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I purchased a copy of Ken Russell’s notorious film The Devils with mixed feelings. I had seen it before, so I knew it was unpleasant. But precisely because I remembered much of it so vividly, I felt that it warranted a re-visit, if for no other reason than to understand why it lingered in my memory.

The obvious reason is that Russell’s film about the 17th century trial of Jesuit priest Urbain Grandier (Oliver Reed) accused of commerce with the Devil and of possessing a convent of nuns led by Sister Jeanne (Vanessa Redgrave) is memorable because of nearly unrelenting violence that is presented as shockingly as possible. Russell spares us nothing—blood, torture, plague, running sores, vomit, excrement, self-flagellation, burning flesh, maggots, on and on and on—and presents it all with his undeniable gift for making us feel it. He also indulges his penchant for caricature, reducing secondary characters to single qualities that are insistently repeated, with lurid results. The consequence is to bury the theme of the resistance to dictatorial authority (embodied by Cardinal Richelieu) under hysterical excess. It would be hard not to remember it.

That said, obvious and sickening as it is, the mayhem is not the measure of the film. Oliver Reed deserves considerable credit for his performance as Grandier, a complex combination of sensuality, guilt, philosophical speculation and, finally, unexpected heroism. Redgrave also merits recognition. Her Sister Jeanne is tortured by lust, envy, resentment and a tragic awareness of her own corrupt motivations. As always Redgrave is brilliant, but unlike many of her performances, she does not peek around the edges of the character to remind us of her beauty.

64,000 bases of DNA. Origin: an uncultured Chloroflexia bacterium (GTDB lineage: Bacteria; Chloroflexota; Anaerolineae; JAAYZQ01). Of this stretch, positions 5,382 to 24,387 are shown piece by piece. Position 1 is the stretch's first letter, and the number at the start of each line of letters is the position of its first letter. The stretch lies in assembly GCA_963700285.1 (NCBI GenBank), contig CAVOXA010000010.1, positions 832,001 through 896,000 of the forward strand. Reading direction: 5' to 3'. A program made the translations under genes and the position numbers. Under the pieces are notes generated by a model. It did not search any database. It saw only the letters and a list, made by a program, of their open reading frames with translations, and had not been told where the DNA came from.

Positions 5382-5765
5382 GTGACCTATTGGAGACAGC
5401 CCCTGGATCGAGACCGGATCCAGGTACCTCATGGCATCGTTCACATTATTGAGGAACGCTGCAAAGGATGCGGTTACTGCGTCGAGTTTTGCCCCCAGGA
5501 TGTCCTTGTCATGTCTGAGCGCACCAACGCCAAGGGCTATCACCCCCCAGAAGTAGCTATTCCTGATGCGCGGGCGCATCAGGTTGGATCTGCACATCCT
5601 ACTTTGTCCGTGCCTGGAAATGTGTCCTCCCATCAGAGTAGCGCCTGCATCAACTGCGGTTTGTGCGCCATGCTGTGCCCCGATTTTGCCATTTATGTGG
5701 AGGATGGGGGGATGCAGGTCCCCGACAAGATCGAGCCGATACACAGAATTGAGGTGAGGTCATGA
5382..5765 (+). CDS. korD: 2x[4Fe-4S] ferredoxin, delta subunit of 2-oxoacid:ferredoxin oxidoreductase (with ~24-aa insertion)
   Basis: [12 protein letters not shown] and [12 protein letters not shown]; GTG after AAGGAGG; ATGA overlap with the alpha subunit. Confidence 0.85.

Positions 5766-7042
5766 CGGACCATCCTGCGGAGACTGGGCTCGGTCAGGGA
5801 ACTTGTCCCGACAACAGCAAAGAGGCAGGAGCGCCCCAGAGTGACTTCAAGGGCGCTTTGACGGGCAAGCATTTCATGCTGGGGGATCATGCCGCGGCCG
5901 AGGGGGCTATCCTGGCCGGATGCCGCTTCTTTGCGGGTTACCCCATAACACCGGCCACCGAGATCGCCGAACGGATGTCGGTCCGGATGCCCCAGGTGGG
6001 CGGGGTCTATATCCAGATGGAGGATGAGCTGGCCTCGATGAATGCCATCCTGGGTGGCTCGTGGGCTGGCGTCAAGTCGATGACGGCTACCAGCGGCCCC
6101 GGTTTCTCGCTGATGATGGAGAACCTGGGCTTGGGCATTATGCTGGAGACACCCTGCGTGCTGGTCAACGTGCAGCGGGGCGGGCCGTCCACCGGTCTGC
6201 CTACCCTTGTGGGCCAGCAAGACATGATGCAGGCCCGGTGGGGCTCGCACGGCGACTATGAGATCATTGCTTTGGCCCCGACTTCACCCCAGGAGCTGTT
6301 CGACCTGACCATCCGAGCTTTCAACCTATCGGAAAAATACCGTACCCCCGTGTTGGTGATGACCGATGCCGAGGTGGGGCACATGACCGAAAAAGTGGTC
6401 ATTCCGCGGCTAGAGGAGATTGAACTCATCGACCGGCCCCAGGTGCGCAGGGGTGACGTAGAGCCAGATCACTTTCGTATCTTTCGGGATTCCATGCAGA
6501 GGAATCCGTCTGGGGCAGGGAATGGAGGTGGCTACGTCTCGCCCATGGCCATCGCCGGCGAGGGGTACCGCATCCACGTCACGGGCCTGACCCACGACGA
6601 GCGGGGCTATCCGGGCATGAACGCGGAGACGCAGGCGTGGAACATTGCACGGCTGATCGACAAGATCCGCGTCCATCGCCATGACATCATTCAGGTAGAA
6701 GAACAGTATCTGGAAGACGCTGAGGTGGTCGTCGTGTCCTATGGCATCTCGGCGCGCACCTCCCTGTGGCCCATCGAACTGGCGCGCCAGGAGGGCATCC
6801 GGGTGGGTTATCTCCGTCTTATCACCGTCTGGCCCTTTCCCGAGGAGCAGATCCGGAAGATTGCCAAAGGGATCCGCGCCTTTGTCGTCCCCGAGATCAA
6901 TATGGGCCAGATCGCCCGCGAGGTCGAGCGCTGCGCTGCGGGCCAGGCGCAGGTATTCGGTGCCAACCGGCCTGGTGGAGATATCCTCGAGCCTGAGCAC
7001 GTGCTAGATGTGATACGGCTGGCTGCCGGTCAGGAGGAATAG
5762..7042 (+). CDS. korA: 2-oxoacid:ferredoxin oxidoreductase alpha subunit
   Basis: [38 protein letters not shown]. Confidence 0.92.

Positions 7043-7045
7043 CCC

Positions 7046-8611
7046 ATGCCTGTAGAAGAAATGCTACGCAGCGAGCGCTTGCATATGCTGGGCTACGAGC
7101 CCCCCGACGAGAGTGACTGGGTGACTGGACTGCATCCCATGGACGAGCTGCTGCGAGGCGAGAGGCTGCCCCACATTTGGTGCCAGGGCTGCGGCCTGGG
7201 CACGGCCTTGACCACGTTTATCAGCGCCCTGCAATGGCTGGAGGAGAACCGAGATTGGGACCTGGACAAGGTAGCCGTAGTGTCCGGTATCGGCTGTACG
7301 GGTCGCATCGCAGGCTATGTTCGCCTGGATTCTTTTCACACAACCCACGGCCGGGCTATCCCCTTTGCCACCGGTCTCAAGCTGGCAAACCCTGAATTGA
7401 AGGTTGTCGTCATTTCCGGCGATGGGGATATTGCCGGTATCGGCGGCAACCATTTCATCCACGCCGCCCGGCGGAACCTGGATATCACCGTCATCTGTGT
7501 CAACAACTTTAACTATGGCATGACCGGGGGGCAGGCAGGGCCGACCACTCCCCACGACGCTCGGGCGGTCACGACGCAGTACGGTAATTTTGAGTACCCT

The period recreation, including Shirley Russell’s reliably apposite costuming, Derek Jarman’s modernistic design, and David Watkins’s soft-edged, lushly textured cinematography, is strikingly effective. If Jarman’s sets seem inappropriate to the period, they have a self-referential, conceptual coherence and totality that exceeds the boundaries of period fidelity. Put simply, they feel right, and for good or ill, foreground the action effectively.

The DVD I purchased is a PAL copy of the censored British cut (which nonetheless contains more material than its North American counterpart). According to the program notes, Russell’s cut has never been shown publicly. Without endorsing the censorship, one wonders whether additional material might just be too much. The Devils, horrifying and nearly unhinged as it is, cannot be dismissed, but that does not mean we must surrender to Russell’s indulgence without demur. I doubt that a director’s cut would balance matters. As with all of Russell’s work, the issue is not the excess as such. Rather the problems arise from treating hysteria and hyperbole as the norm, thereby crowding out other expressive possibilities. Any more outrage might just provide the final excuse to walk or tune out.

In short, The Devils is memorable, but it is also an assault on the viewer that verges on unwatchable.